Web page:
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Nkwerre Opia Egbe (2/2)

Updated: Jun 13, 2020

Attempting to cripple native manufacturing industries, the British flooded the region with cheap, foreign metalware and goods and placed several restrictions on the native firearm industry.

In 1901, the British High Commissioner H.L. Galloway prohibited the outright sale of arms and ammunitions in the area under his jurisdiction. Following the ban, in Nkwerre, the Administration ordered the surrender of all firearms at the Eke Agha market square, and within the period of one month, hundreds of firearms were destroyed, dealing a tremendous blow to the institutionalized pride of Nkwerre.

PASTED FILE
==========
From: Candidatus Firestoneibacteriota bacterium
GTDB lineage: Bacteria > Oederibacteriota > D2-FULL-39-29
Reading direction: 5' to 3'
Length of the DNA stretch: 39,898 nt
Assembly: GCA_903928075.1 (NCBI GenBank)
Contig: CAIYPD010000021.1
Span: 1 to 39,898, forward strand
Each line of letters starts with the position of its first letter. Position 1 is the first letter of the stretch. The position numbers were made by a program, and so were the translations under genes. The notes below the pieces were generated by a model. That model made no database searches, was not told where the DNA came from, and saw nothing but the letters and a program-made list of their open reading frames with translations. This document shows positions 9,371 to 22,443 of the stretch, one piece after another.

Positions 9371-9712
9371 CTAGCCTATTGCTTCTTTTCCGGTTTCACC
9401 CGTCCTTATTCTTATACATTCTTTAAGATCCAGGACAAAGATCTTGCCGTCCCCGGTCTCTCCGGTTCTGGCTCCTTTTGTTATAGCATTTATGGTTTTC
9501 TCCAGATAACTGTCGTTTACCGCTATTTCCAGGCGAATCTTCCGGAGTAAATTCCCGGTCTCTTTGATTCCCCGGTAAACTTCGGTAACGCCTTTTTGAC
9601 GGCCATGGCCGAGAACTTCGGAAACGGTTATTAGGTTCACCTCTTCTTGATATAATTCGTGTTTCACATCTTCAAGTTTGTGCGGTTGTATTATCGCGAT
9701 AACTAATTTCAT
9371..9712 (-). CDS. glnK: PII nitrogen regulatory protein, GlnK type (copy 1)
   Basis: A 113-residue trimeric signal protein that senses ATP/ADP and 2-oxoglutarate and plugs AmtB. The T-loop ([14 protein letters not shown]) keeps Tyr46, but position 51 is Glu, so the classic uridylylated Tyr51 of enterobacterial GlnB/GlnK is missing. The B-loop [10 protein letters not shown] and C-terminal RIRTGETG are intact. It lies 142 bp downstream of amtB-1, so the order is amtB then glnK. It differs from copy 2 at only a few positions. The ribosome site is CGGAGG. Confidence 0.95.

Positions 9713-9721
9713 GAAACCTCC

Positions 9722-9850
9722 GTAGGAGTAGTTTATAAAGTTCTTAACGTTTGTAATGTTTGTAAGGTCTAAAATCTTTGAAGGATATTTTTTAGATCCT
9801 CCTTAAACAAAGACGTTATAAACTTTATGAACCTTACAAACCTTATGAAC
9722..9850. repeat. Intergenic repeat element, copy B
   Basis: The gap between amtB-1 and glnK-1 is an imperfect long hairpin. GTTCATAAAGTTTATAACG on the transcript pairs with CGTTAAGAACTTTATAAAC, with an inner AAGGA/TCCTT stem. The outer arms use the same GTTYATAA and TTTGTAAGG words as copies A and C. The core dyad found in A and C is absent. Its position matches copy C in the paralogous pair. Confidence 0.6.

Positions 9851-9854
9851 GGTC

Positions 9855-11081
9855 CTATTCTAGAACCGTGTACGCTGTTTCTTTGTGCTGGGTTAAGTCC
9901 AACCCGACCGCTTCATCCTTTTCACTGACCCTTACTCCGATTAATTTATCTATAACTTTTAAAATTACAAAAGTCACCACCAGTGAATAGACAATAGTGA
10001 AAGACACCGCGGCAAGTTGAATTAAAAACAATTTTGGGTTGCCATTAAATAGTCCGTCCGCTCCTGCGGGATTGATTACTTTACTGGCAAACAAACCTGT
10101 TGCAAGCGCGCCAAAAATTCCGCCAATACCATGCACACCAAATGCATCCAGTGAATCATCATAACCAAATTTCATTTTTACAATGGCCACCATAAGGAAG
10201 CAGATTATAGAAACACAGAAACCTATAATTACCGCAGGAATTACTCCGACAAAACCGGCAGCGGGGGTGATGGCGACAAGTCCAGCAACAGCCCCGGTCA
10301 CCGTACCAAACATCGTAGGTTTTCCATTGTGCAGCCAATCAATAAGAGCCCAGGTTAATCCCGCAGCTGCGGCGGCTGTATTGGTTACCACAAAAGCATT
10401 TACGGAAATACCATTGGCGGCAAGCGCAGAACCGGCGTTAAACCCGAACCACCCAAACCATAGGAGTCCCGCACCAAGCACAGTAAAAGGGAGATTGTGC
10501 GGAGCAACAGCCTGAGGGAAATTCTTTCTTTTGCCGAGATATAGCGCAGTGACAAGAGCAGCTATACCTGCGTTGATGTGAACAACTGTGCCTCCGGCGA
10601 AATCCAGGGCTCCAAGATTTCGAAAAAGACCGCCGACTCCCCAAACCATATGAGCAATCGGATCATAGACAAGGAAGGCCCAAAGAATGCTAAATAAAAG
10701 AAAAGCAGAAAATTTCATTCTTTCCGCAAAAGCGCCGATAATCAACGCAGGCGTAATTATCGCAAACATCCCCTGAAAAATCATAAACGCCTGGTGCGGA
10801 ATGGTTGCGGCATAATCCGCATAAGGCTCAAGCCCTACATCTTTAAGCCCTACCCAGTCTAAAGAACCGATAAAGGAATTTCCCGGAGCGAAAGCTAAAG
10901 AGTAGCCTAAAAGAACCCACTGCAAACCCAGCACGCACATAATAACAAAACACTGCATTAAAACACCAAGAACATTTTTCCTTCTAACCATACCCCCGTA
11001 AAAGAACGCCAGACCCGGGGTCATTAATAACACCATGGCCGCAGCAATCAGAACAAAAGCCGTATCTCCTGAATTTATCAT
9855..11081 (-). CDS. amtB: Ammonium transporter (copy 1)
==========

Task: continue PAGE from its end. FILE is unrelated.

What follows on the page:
Christian missionaries further contributed to the decline of blacksmithing in Nkwerre, as they opposed the rituals and customs which were an integral component of the profession. Despite a brief resurgence during the Civil War, for most of the 20th century outright neglect of indigenous technology and manufacturing industries have led to the deplorable state of smithing in modern-day Nkwerre. Reform in societal attitudes towards indigenous industries would drive a much-needed revival in local trades, which may perhaps be the solution to contemporary economic issues.



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